A kind dentist, a sobering diagnosis and a pretty girl all played a role in setting Dr. Thomas Stone on the path to dentistry.
“When I was young, I had a family dentist who was very kind,” Stone says. “I was one of those kids who actually enjoyed going to the dentist.”
But it wasn’t until high school, when Stone was diagnosed with juvenile diabetes, that he began to think seriously about finding a career path. “I can remember sitting in the hospital thinking, ‘Man, this is a serious deal. I can’t just goof around throughout my life,’” Stone says.
About that time, he also became interested in the girl whom Stone would one day marry. Her father wouldn’t let her date during the week, but he would let her go to the library.
“So I really give him a ton of credit for me becoming studious,” Stone says.
Early in his general dentistry practice, Stone became active in the Greater Springfield Dental Society.
He has served as the group’s president, attended the Washington Leadership Conference several times and participates in its Give a Kid a Smile program.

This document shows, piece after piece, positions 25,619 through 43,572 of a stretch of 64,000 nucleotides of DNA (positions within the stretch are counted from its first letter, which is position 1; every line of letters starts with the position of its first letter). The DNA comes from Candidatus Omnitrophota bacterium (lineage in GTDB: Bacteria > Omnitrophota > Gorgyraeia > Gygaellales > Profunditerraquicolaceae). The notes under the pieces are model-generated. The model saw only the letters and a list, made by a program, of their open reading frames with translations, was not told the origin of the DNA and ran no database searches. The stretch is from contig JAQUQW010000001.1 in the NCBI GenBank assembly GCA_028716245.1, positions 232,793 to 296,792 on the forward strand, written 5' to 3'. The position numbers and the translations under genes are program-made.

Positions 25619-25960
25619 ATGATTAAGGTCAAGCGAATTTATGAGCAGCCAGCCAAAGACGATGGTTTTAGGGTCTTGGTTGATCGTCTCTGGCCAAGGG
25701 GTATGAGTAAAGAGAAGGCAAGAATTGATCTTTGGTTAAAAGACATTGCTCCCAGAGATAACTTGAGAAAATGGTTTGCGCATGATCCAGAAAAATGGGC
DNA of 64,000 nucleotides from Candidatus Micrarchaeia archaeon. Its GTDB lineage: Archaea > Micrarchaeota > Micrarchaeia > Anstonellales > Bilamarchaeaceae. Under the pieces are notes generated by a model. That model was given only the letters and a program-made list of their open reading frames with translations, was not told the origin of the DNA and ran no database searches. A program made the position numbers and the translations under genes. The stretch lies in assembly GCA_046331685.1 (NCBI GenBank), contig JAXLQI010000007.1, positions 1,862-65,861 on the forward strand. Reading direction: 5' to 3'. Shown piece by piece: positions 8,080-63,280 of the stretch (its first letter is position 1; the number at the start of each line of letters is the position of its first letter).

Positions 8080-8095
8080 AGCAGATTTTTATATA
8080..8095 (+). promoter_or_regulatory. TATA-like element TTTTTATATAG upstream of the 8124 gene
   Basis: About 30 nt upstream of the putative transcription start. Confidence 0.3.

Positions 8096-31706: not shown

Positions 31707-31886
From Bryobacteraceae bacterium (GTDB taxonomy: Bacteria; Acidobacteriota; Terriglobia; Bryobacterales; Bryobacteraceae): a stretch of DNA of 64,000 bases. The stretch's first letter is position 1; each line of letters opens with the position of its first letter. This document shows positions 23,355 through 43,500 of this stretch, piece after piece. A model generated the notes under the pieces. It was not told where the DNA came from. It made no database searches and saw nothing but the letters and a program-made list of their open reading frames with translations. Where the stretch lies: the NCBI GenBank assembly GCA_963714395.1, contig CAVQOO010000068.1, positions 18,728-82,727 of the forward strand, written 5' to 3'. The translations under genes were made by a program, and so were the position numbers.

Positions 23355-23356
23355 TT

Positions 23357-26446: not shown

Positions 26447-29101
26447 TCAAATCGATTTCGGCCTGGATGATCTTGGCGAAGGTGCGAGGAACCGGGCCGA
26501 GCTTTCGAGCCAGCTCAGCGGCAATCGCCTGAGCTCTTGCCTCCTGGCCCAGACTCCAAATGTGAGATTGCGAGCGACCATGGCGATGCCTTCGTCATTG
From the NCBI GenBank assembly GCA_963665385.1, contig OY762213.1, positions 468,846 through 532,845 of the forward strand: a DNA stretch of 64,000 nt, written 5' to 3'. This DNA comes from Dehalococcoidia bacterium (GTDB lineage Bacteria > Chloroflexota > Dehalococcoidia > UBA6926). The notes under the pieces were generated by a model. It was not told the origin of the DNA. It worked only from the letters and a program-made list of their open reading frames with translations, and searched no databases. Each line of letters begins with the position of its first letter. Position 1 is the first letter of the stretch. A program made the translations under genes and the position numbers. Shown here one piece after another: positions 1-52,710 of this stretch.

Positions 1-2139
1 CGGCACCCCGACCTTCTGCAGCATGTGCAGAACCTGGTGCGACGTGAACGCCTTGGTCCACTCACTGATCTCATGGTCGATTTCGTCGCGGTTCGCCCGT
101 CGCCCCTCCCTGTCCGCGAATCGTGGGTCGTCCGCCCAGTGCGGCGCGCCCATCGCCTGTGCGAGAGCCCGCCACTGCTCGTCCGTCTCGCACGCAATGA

Stone also has served as chairman of the board of the Ronald McDonald Tooth Truck and as co-clinical director of the first Missouri Mission of Mercy, a program that offers free dental care to those who can’t afford it.
The program, patterned after other Mission of Mercy events held nationally, helped nearly 2,000 people at the 2011 event held in Springfield.
Stone says while several programs are available for children, adults have a difficult time getting needed help.
“I think that we’ve seen a lot of kids who are getting treatment … but it seems with the economy in a downturn, that (adult) need will never be met. In some instances, we see it getting a little bit worse,” he says.
“The people who are in that great a need, they aren’t worried about toothpaste and toothbrushes as much as where their next meal is coming from.”
Stone says education and preventive care could help decrease the problem, and that’s why he has served in public school health fairs and visited children’s classrooms, as well as donated his services.
“The encouraging part is knowing I serve in a caring community that will continue to find ways to fill that need in any way possible,” Stone says.
Stone was named a fellow of the American College of Dentists in 2009, and a fellow of Pierre Fauchard Academy in 2008.Click here for full coverage of the 2012 Salute to Health Care.